Everyone is talking about the 1940 census, so I thought I would talk a bit about it. This census was released by the National Archives on April 2, 2012. It was the first online release of a census by the Archives ever. Currently it’s browsable by enumeration district, but not searchable by name—however there is an indexing process happening which I’m happily volunteering for.
This census is exciting to me for two reasons. One is that most people can think of the name of someone alive in 1940. When I help people with their genealogy starting with 1930, they sometimes struggle. 1940 will make it that much easier. Second is the data. In 1940 new questions were asked that had not shown up on a census before:
- Residence five years prior.
- Annual salary, hours worked per week and weeks worked per year.
- Highest grade attained in school.
- There’s also a whole host of supplemental questions that they asked 5% of the population.
The first family member I found was my maternal grandfather at age 18, in York, Pennsylvania with his parents and siblings. While they didn’t own their house, they did rent it for quite a while so were in the same place they were in 1930; finding their enumeration district was easy. My great-grandfather was 42, had made it to 7th grade and was a trolley car driver making $1200 annually. Their house cost $20 a month where he lived with his wife and the 8 children left at home. The eldest two were already married and living elsewhere in York.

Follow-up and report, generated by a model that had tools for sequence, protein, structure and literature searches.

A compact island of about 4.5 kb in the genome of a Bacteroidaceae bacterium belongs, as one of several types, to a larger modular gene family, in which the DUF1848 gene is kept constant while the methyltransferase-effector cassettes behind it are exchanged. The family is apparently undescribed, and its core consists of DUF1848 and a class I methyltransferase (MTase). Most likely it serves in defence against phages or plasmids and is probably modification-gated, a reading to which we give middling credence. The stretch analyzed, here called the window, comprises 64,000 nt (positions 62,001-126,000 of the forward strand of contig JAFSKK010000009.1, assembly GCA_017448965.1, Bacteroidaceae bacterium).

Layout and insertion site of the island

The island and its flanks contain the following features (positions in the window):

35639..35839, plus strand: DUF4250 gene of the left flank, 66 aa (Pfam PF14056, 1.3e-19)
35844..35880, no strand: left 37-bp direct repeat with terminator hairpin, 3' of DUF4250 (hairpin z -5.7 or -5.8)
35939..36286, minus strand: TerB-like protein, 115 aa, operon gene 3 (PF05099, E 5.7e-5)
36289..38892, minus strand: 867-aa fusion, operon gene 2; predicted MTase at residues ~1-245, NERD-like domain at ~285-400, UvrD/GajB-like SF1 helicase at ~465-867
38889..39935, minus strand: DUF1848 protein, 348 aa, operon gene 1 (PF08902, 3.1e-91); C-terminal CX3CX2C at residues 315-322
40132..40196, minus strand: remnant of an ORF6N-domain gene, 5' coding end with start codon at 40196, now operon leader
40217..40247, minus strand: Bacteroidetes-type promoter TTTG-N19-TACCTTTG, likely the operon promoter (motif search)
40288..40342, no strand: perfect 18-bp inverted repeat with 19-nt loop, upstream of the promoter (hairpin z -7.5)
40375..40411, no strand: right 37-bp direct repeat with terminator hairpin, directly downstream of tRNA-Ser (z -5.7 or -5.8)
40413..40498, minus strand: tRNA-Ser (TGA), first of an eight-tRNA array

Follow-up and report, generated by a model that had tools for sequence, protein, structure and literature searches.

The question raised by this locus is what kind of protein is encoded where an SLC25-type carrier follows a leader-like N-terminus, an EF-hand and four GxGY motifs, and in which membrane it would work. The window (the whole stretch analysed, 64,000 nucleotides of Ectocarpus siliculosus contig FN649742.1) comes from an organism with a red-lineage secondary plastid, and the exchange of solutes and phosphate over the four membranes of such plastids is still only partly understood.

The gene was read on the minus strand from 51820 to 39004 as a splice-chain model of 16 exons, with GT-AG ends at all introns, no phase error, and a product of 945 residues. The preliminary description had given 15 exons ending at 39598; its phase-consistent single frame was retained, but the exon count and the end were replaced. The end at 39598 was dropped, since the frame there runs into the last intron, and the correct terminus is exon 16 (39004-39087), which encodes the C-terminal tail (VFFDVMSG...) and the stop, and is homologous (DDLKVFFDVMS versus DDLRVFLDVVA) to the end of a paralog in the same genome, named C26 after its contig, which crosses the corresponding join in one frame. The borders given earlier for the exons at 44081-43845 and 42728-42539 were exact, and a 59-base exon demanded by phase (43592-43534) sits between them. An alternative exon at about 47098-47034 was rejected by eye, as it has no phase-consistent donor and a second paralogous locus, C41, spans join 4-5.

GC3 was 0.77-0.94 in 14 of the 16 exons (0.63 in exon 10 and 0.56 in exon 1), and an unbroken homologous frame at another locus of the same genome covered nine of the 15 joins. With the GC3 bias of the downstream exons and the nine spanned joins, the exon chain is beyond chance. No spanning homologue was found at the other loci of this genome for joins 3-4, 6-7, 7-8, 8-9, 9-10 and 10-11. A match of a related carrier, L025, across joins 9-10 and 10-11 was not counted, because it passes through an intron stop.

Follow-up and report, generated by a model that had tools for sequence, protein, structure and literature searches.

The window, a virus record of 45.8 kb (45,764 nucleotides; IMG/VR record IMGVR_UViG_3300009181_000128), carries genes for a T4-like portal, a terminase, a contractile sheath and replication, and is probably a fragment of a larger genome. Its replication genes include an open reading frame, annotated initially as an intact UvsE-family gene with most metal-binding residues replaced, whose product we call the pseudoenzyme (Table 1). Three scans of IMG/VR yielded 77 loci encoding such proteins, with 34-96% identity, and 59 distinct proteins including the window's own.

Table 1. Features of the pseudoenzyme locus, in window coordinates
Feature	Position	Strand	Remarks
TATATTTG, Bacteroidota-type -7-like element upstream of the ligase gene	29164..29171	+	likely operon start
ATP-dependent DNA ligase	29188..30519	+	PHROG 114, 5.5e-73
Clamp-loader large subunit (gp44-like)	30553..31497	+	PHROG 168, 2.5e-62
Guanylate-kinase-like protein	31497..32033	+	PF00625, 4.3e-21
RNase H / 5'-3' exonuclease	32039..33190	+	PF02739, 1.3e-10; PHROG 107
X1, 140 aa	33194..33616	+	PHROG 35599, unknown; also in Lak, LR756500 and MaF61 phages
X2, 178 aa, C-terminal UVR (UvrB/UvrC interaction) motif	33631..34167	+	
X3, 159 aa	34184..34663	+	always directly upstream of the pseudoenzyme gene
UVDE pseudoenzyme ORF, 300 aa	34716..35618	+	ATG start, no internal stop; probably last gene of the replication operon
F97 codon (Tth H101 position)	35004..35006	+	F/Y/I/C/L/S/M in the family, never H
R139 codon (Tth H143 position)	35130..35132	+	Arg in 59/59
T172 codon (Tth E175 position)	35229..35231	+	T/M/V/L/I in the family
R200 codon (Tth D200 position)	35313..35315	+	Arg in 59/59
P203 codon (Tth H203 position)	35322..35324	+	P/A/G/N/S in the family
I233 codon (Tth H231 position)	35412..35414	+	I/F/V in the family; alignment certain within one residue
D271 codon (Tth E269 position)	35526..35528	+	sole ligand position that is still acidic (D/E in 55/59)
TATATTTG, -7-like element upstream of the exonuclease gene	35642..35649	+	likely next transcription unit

My great-grandfather’s mother was living nearby with her youngest son–he was supporting her as a bookkeeper for a “utility” making $1040 annually. He was 20 years younger than my great-grandfather and I don’t know much about him, except that in 1966 he was listed in the Gettysburg newspaper for having worked for Metropolitan Edison Company for 29 years. This must be the utility he was working for in 1940. I already knew that my great-great grandfather worked for Edison, as an electrician so this makes sense. It’s fun to piece this all together.
I’ve just scratched the surface of the 1940 census. I’ve been finding my Massachusetts family and some of my Alabama family, too. Comparing the salaries, education, and cost of housing is fascinating. Once I’ve found all of my grandparents, I’ll post about that.